Since I’m doing Sunday Funday, a part of me wants to also make Monday a themed day, too. I certainly don’t want to do it for every day of the week, but since Sunday is dedicated to games, maybe Monday can be dedicated for something else. Maybe books? I do read a lot.
It’s decided. You’re reading this as the thought process is coming out of me. No bars held. I’m going to come up with something on the spot…
Manic Monday is the only thing that’s coming to mind, and I’m not naming a theme for my blog after an 80’s (?) song. Don’t make fun of me, but I can only hear the song in my head. I can’t remember the decade it came from. Time lines and dates are exactly a strong suit of mine.
I think I may have to go do a google search on book terms that start with M, or rhyme with Monday. If there’s a word I’m looking for already stored in my brain, it’s completely eluding me.
Back. Nope, nothing was screaming out to me.
I’m going to call it Hardcover Monday. Because Mondays are hard and books have hardcovers. Yeah, not the best, but it’s a split decision I just made, and it’s staying. So yeah.
I might as well get on with it while you’re here.
My reading endeavors last week were all used on the Divergent Series. A great set of books, even if some people are getting sick of the genre already. I don’t care, I love it. For the people who aren’t into them, well that’s their problem, not mine. Anyway, I watched the movie while it was on HBO a couple of weeks ago, and though I don’t usually read the book after I’ve seen the movie, I made an exception.
I’m not going to get into the intricacies of the book’s plot or whatever. This isn’t review. This is me wanting to talk about the books. For me, there is a difference. But for anyone who hasn’t heard of this book while living under your rock or on top of a cloud or something, here:
In Beatrice Prior’s dystopian Chicago world, society is divided into five factions, each dedicated to the cultivation of a particular virtue–Candor (the honest), Abnegation (the selfless), Dauntless (the brave), Amity (the peaceful), and Erudite (the intelligent). On an appointed day of every year, all sixteen-year-olds must select the faction to which they will devote the rest of their lives. For Beatrice, the decision is between staying with her family and being who she really is–she can’t have both. So she makes a choice that surprises everyone, including herself.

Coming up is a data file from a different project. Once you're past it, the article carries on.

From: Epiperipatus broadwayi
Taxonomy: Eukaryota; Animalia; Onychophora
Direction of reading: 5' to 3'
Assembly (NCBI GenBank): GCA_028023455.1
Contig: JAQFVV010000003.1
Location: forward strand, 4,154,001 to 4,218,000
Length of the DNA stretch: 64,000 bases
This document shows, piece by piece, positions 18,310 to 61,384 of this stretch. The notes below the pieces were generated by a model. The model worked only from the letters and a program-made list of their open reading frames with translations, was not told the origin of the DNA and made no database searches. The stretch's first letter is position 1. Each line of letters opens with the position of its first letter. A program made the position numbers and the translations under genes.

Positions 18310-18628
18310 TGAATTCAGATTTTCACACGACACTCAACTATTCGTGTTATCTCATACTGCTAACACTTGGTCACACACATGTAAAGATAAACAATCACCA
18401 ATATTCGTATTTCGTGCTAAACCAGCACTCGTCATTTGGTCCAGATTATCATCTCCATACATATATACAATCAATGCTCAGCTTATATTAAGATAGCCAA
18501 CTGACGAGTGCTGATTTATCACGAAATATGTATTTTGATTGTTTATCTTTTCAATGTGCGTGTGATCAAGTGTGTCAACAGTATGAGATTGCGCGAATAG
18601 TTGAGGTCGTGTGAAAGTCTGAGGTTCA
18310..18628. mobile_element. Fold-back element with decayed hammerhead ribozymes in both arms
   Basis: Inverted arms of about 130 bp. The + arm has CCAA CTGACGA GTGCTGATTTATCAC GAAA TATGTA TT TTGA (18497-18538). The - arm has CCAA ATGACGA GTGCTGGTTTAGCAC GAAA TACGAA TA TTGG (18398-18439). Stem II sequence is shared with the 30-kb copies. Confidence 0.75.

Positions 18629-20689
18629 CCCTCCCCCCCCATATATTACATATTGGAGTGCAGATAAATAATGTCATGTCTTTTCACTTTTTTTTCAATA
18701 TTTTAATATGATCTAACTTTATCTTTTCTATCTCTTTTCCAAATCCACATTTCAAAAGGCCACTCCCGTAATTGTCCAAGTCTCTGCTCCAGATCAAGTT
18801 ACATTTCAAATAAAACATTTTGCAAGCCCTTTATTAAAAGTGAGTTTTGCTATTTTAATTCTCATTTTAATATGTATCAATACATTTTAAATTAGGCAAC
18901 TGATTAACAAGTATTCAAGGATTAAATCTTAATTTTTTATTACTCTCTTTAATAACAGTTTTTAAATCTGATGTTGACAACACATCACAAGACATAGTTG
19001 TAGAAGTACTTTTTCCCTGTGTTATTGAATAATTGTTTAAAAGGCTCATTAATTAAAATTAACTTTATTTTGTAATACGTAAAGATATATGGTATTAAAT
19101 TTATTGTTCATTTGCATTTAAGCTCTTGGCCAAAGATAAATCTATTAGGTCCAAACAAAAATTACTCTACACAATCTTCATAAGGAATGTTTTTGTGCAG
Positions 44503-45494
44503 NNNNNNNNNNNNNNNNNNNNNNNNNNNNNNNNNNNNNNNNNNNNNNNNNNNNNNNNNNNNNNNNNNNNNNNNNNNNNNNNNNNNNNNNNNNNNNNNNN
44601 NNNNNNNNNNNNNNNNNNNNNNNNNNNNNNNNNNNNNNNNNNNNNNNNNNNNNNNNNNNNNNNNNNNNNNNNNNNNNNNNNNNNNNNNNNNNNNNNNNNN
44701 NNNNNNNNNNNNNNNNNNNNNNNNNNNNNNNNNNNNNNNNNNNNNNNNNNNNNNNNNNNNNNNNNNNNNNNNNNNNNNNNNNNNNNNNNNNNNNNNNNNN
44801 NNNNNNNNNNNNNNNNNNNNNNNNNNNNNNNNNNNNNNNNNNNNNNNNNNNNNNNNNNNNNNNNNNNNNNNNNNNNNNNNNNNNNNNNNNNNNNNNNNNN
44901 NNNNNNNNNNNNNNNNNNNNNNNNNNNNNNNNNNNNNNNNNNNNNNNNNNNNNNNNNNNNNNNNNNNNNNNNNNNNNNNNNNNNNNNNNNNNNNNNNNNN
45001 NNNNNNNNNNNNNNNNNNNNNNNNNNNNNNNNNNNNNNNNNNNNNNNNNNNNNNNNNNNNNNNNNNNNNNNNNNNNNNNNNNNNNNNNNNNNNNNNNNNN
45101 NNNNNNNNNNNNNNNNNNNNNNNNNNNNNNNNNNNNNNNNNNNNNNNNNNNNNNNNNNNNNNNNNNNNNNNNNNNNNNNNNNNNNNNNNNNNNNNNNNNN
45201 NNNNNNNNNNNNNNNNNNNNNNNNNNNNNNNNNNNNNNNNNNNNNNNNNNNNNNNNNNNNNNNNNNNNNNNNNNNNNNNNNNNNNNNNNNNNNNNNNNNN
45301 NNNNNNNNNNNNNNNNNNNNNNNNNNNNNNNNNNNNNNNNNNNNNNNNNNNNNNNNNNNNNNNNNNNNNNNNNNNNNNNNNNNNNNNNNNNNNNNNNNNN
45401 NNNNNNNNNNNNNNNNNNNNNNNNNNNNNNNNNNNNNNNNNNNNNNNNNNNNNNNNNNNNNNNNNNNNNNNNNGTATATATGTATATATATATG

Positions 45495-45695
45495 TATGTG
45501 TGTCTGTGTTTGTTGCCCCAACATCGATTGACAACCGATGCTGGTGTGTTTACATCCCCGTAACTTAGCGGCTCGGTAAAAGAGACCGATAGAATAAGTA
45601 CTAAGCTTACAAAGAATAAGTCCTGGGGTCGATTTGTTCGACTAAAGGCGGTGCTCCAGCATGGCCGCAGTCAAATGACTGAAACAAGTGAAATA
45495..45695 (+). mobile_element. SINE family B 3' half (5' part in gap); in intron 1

During the highly competitive initiation that follows, Beatrice renames herself Tris and struggles alongside her fellow initiates to live out the choice they have made. Together they must undergo extreme physical tests of endurance and intense psychological simulations, some with devastating consequences. As initiation transforms them all, Tris must determine who her friends really are–and where, exactly, a romance with a sometimes fascinating, sometimes exasperating boy fits into the life she’s chosen. But Tris also has a secret, one she’s kept hidden from everyone because she’s been warned it can mean death. And as she discovers unrest and growing conflict that threaten to unravel her seemingly perfect society, Tris also learns that her secret might help her save the ones she loves . . . or it might destroy her.
That’s the synopsis for the book. I’m about to talk about all three, but with no spoilers. Or as little as possible.
Honestly, I fell in love with the first two books, but am I alone in thinking the third one was a little weird (aside from the end, which I’ll get to in a minute)? It in part made me feel like the author couldn’t come up with anything else and settled on that scenario, but I was still on board. I’d grown attached to the characters, and even though as a writer it wasn’t the direction I would have chosen, it was ultimately her decision and I was going to respect that.
Then the end. I won’t say what happens. And if anyone reveals a spoiler in the comments, your comment won’t get approved, just so you know. Until I can find a way for spoilers to be hidden like they can be on Goodreads, I won’t allow them. I get that there’s an arbitrary time limit people believe in regard to spoilers and having time to read/watch/whatever before the world is allowed to speak without reservation, and in real life I’d probably join in with those beliefs. But this is the internet. Time is different here. And, well, if someone wants to know what we’re talking about, they’re a google search away from it. But right here, right now, it’s a moral low ground I refuse to step foot on.
But that end. I desperately want to call it a cop-out, even though I know that’s not what it was. But at the same time, just, WHAT WAS SHE THINKING? That entire journey for that? Seriously? The only thing that semi saved it for me (and let’s be real, that’s pushing desperately into overstatement) was the zip line.
Guys, it takes a lot for me to throw a book across the room and leave it there, walking away leaving it in a heap on the floor than I don’t make right almost immediately. It already takes a lot for me to throw the book in the first place (respect and awe and all of that). When it’s a library book that’s already going to take more than its fair share of abuse, forget about it. But I did that with the final book of this series. That’s how attached and how angry I got. It was difficult for me to pick it back up and finish those last fifty pages.
I’m actually struggling with returning it to the library now. Not because I want to harbor it, or because I did damage to it I’ll have to pay for (I didn’t, I swear), but because I want to spare anyone else from that ending. At the same time, I want people to suffer with me. On some level, that makes me like Tris, which makes me feel only slightly better. It’s nice to feel like a character from a book. That’s why we love the stories we do. We connect with the characters on some level.
I really used this first Hardcover Monday for a bit of a rage, didn’t I?